For more, see:

4. Prejudice

4.1. Anti-Semite Opinions

#antisemitism #christianity #germany #indonesia #israel #jordan #judaism #laos #morocco #netherlands #pakistan #philippines #religion #religious_violence #saudi_arabia #spain #sweden #turkey #UK #vietnam

Anti-Semite Opinions
Lower is better
13=New Zealand14
Africa Avg45.9
World Avg36.8
(one of the best in Africa)With regard to its success in fighting anti-semitic prejudice, Ghana comes 16th-best in the world.

Anti-Semitism is the world given to irrational racism against Jews. It is not the same as anti-Judaism (involving arguments against the religion) nor the same as anti-Zionism (arguments against Israel). In history, influential Christian theologians concocted the arguments against Jews that led, very early on, to widespread Christian action against Jews38,39,40,41. As Christianity rose to power in the West and presided over the Dark Ages, there were widespread violent outbursts against Jews of the most persistent and horrible kind. The Crusades were frequently aimed at them and the feared Spanish Inquisition paid Jews particular attention. The horror of the holocaust instigated by German Nazis in the 1940s was followed (finally) by the era of European human rights and a movement against racism in general.

The places that are the least anti-Semitical are a few countries of south-east Asia (Laos, the Philippines and Vietnam) and some of the secular liberal democracies of Europe (Sweden, the Netherlands and the UK). The worst countries for antisemitism are Islamic states of the Middle East42, which are undergoing their own Dark Age. Saudi Arabia, Jordan, Morocco, Indonesia, Pakistan and Turkey see the most oppressive and violent actions towards Jews43,44. Jews in Muslim countries face a host of restrictions and "ceaseless humiliation and regular pogroms"45. In 2004 the European Union Monitoring Center on Racism and Xenophobia reported on violent anti-Jew crimes in the EU and found that that largest group of perpetrators were young Muslim males46.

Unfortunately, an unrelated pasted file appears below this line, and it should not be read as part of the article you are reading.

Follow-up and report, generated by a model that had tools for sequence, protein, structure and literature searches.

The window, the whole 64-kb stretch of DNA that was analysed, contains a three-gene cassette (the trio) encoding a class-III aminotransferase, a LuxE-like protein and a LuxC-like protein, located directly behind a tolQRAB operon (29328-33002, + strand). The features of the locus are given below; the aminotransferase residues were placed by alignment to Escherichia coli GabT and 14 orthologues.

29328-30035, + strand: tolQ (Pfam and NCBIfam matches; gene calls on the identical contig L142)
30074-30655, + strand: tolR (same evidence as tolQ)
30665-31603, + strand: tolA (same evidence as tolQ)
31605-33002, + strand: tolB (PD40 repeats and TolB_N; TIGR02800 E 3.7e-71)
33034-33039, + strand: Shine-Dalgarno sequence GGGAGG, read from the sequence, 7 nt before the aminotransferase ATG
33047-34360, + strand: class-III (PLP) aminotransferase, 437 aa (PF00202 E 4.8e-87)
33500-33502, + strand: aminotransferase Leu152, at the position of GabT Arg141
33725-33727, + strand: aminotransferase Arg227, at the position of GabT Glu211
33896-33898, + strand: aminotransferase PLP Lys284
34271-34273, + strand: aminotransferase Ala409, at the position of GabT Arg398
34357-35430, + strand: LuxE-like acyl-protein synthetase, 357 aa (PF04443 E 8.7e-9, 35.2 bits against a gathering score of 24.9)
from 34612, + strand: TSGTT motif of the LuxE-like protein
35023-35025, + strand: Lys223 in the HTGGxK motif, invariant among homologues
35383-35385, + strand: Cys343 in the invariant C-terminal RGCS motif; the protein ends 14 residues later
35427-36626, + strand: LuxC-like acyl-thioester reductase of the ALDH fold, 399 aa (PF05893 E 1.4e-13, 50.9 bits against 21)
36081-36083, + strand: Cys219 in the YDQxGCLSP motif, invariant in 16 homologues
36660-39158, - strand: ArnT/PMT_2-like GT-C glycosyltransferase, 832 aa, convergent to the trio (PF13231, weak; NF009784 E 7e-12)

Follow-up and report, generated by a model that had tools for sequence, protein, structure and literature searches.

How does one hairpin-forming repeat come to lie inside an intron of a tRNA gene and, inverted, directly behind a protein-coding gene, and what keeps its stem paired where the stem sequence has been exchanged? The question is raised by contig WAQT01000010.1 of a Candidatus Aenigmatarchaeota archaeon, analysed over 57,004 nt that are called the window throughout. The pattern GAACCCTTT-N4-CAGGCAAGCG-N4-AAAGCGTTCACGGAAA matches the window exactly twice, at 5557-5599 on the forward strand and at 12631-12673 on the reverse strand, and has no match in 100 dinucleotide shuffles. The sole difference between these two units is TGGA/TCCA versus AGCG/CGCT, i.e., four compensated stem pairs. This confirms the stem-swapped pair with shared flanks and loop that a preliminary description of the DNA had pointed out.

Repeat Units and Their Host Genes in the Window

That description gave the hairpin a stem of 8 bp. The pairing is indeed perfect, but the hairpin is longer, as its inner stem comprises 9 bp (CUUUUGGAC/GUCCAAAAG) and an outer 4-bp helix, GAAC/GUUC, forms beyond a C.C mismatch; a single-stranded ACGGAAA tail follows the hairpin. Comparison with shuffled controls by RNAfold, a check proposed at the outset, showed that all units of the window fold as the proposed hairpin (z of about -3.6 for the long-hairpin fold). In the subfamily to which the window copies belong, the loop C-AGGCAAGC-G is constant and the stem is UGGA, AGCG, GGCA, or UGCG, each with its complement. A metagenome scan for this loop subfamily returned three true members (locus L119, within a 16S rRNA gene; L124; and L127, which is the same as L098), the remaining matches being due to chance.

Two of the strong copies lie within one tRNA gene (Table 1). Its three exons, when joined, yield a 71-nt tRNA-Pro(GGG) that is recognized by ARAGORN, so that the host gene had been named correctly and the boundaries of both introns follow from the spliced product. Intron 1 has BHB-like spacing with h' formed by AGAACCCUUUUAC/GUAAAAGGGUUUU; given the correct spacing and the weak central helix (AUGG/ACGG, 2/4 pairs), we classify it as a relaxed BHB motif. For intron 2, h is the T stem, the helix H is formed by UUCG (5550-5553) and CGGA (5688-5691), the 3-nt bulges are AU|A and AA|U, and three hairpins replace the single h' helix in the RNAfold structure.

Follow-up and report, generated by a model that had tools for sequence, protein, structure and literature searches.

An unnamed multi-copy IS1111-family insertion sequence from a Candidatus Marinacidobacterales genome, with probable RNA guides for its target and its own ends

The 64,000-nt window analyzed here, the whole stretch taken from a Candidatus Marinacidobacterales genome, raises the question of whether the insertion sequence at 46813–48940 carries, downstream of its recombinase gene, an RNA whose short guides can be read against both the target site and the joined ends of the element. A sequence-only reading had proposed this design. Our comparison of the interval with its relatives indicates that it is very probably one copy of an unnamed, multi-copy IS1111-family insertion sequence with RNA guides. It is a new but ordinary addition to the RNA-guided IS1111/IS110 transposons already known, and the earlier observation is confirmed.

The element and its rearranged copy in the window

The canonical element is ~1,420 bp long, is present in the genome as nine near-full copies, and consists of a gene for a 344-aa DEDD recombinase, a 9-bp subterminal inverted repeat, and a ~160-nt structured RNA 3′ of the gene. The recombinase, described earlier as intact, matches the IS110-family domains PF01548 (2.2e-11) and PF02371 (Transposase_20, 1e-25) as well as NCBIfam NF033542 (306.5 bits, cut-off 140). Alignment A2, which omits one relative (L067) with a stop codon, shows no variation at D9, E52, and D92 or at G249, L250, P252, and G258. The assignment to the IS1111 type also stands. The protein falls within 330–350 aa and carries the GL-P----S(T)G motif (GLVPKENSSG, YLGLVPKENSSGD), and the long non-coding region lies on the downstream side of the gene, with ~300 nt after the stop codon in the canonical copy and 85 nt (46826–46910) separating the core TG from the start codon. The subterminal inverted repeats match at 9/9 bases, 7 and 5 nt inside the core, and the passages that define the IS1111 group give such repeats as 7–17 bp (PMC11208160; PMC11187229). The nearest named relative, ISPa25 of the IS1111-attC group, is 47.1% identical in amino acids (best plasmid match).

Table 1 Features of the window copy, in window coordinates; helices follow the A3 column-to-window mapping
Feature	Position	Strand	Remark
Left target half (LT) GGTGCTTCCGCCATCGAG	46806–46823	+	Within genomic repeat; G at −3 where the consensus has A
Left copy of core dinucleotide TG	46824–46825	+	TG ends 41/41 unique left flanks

For more, see:

4.2. LGBT Equality

#equality #homosexuality #human_rights #ICCPR #intolerance #sexuality #tolerance

Homosexuality is illegal under Section 104 of the Criminal Code legislation of 1960 and societal prejudice and harassment is far too common. In 2021 new and harsher legal measures were going through government as the "Promotion of Proper Human Sexual Rights and Ghanaian Family Values Bill", which includes imprisonment of ten years for promoting LGBT equality. Religious leaders are particularly aggressive towards LGBT folk.17

LGBT Equality
Higher is better
169St Kitts & Nevis-25
Africa Avg-10.4
World Avg12.6
In terms of LGBT equality, Ghana comes 169th in the world.

Discrimination against Lesbian, Gay, Bisexual and Transgender (LGBT) folk is rife across the world. Legal restrictions co-exist alongside social stigmatisation and physical violence47. LGBT tolerance and equal rights have been fought for country-by-country across the world, often against tightly entrenched cultural and religious opposition. Adult consensual sexual activity is a Human Right, protected by privacy laws48. Despite this, homosexual activity is outlawed in around 80 countries47. The Social & Moral LGBT Equality Index was created to compare countries and regions, granting points to each country for a variety of factors including how long gay sex has been criminalized and the extent of LGBT legal rights. Graded negative points are given for criminality of homosexuality, unequal ages of consent, legal punishments and for not signing international accords on LGBT tolerance. The signs in many developed countries are positive, and things are gradually improving. Europe is by far the least prejudiced region (Scandinavia in particular being exemplary). The Middle East and then Africa are the least morally developed, where cultural bias goes hand-in-hand with state intolerance, all too often including physical violence.

For more, see:

Ghana's horrendous proposed 2021 law against homosexuality is described by the UN as being state-sponsored discrimination and a clear breach of human rights law; it was produced and supported by a coalition of Christian and Muslim organisations.17 after continued campaigns by religious bodies against LGBT tolerance across Africa. Some examples from Ghana: